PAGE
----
Forest Hill, London facts for kids
Forest Hill library
|Forest Hill shown within Greater London|
|Population||14,854 (2011 Census. Ward)|
|OS grid reference|
|Ceremonial county||Greater London|
|Sovereign state||United Kingdom|
Like much of London, Forest Hill was only sparsely populated until the mid-19th century. The name Forest Hill, originally simply "The Forest", referred to the woodland which once covered the area and which was a relict part of the Great North Wood.
A canal, the Croydon Canal, was constructed through the area in 1769 but the large number of locks (28) meant it was not a commercial success, and it was bought by the London & Croydon Railway Company who constructed their railway along the same route, opening it in 1839. The ponds in the Dacres Wood Nature Reserve (Dacres Road) and the retaining wall of the footpath opposite the station outside the pub are about the only physical evidence of the canal which still exist.
In 1884, what would become London's oldest swimming pool was constructed on Dartmouth Road.
The tea merchant Frederick Horniman built a museum to house his impressive collection of natural history artifacts. He donated the building and its gardens to the public in 1901 and this became the Horniman Museum.
As its population grew, two large secondary schools were built in the area – Forest Hill Boys and Sydenham Girls on the brink of Forest Hill.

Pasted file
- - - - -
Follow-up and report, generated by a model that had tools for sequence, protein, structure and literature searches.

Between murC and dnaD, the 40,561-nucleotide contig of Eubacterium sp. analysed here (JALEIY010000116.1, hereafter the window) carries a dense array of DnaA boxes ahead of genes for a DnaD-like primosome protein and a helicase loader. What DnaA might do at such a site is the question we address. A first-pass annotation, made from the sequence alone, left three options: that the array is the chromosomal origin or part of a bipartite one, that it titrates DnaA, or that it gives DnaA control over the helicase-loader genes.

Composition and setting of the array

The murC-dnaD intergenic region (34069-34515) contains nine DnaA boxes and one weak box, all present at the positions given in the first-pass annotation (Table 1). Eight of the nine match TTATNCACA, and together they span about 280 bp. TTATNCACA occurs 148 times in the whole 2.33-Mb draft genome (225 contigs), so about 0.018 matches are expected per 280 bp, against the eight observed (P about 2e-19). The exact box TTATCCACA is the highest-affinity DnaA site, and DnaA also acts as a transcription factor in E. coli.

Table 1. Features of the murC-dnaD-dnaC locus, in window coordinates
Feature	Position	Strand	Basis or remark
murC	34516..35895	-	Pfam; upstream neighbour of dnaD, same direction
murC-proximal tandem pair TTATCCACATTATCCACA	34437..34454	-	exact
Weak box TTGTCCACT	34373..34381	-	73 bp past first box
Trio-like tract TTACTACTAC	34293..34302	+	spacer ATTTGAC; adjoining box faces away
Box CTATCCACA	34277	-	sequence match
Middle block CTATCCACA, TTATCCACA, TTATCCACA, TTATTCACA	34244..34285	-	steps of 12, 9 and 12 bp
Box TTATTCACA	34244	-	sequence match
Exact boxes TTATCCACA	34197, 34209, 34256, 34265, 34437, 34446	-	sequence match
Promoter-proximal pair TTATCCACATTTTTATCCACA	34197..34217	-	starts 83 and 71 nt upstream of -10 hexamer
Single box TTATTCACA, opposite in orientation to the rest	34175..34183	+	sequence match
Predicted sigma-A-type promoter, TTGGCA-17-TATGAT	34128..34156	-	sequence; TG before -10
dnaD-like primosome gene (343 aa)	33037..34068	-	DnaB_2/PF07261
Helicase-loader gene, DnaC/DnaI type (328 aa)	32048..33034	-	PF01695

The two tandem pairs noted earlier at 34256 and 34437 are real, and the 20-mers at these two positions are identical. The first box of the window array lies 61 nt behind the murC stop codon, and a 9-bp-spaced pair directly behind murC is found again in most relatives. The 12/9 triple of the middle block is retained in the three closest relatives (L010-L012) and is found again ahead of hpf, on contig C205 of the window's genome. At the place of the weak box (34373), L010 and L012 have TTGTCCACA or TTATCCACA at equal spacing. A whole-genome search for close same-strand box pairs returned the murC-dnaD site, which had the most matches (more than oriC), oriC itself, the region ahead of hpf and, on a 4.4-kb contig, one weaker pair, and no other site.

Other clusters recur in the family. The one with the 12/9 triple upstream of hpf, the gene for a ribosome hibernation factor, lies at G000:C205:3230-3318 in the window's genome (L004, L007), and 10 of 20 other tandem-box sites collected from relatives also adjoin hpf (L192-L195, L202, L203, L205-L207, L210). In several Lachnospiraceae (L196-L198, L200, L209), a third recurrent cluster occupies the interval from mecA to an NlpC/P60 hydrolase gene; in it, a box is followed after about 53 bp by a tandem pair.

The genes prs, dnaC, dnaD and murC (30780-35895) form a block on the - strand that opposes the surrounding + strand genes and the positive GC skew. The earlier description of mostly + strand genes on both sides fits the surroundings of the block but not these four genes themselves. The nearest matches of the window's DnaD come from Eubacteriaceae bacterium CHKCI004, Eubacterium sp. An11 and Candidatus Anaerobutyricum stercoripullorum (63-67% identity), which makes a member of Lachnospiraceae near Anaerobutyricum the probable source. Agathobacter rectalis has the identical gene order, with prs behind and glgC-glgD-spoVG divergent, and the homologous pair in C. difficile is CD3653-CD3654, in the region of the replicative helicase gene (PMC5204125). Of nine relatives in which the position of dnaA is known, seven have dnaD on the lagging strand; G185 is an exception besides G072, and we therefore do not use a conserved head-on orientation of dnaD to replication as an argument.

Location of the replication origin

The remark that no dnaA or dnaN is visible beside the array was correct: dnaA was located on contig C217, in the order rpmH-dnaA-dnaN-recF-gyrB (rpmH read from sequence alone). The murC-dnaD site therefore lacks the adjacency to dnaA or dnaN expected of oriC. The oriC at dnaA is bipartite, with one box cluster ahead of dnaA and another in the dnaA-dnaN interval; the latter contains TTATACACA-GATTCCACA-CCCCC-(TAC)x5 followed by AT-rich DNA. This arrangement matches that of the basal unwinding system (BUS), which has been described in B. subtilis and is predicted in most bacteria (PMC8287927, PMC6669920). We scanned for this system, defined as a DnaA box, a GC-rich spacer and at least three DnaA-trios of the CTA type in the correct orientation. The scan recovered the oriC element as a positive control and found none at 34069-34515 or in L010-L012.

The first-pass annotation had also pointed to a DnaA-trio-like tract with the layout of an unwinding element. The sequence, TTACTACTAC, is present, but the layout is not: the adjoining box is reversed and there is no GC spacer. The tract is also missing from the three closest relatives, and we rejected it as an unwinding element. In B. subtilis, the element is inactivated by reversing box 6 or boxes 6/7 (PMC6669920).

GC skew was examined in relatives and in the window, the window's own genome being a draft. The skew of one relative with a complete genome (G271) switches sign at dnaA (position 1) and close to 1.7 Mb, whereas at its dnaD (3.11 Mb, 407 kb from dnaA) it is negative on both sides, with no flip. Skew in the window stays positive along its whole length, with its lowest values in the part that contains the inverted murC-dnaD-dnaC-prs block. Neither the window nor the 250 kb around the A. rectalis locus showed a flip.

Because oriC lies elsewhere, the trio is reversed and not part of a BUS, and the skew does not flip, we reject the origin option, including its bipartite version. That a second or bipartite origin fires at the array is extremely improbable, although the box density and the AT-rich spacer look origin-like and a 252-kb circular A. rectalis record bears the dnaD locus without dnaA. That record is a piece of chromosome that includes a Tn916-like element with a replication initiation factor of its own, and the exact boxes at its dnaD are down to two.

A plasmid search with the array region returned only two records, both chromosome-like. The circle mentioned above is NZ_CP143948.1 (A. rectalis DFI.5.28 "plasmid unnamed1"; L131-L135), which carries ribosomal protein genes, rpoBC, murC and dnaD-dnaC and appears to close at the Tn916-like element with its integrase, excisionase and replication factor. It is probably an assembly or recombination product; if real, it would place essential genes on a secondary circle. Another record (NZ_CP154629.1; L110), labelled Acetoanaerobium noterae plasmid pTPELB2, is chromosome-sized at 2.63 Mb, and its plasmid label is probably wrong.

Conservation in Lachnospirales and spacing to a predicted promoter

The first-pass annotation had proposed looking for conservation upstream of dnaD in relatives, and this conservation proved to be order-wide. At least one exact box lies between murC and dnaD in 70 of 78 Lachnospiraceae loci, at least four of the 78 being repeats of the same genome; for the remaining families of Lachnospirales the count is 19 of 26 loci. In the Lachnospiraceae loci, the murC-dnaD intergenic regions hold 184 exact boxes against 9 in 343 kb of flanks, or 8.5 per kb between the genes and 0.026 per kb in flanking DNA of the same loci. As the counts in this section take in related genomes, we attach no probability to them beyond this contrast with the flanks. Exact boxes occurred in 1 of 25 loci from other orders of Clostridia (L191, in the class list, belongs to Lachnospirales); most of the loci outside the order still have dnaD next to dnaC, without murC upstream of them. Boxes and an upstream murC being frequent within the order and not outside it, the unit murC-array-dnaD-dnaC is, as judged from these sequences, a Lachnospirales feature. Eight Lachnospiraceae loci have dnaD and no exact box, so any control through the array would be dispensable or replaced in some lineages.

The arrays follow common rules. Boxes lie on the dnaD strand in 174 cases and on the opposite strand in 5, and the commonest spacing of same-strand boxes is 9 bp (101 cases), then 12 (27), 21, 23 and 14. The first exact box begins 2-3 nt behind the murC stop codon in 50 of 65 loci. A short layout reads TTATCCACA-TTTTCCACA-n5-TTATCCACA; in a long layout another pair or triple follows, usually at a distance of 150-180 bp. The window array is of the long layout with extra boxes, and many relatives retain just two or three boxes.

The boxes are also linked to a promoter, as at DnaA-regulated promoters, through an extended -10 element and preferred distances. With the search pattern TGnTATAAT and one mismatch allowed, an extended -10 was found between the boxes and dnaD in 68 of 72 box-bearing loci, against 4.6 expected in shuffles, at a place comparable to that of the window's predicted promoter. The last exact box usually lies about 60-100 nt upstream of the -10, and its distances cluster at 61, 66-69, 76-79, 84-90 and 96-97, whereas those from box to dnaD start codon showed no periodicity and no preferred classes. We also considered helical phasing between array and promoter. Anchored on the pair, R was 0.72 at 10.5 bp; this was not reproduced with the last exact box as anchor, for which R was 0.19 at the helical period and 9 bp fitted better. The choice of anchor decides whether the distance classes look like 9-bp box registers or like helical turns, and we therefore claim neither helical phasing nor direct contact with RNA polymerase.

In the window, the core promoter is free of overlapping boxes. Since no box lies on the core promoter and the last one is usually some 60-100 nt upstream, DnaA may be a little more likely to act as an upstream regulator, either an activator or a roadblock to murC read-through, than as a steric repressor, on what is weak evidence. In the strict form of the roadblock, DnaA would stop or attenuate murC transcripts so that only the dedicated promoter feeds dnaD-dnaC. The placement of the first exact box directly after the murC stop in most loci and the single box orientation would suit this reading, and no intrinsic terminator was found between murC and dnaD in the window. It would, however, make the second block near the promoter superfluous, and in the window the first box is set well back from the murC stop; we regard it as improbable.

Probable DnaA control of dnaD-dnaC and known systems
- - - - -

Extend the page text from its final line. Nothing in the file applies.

Amenities and entertainment
Forest Hill is home to the celebrated Horniman Museum. Despite a leaning toward anthropological and cultural collections, the museum is also home to a newly opened (July 2006) aquarium and one of the most varied collections of taxidermy in the northern hemisphere. It also houses one of the finest collection of musical instruments in the British Isles. Contained within its accompanying gardens is an animal enclosure, flower gardens, and a Grade II listed early 20th century conservatory. Views from the gardens stretch out over central and north London.
Following a successful and widely supported campaign from local group 'Save The Face Of Forest Hill', Louise House was designated a Grade II listed building by English Heritage, and this will have to be allowed for in any plans for redevelopment. Mayor of Lewisham Steve Bullock continues to support the project.
Forest Hill Library was built in 1901 to an Arts and Crafts design by local architect Alexander Hennell. It is one of over 500 Grade II listed buildings in Lewisham Borough. It was refurbished in 2008.
There are two nature reserves in Forest Hill, the Dacres Wood Nature Reserve and the Devonshire Road Nature Reserve. Both nature reserves have regular open days. Dacres Wood Nature Reserve is open on the last Saturday of each month and Devonshire Road Nature Reserve is open on the last Sunday of the month.
With a range of architectural styles spanning the late 19th and 20th centuries, Forest Hill was described by Sir Norman Foster as "a delightful pocket of South London". Of particular note are the Capitol Cinema (now a JD Wetherspoon pub), the Horniman Museum, and classic art deco mansion blocks Forest Croft and Taymount Grange.
Forest Hill railway station is located on the South Circular Road (A205), and is served by frequent London Overground and Southern trains to London Bridge, London Victoria, Croydon, Caterham, Dalston Junction and Highbury & Islington. Forest Hill is also served by a number of bus routes: 122, 176, 185, 197, 356, 363 and P4.
|Dulwich||Honor Oak||Crofton Park|
|Sydenham Hill, Crystal Palace||Sydenham||Perry Vale, Lower Sydenham|
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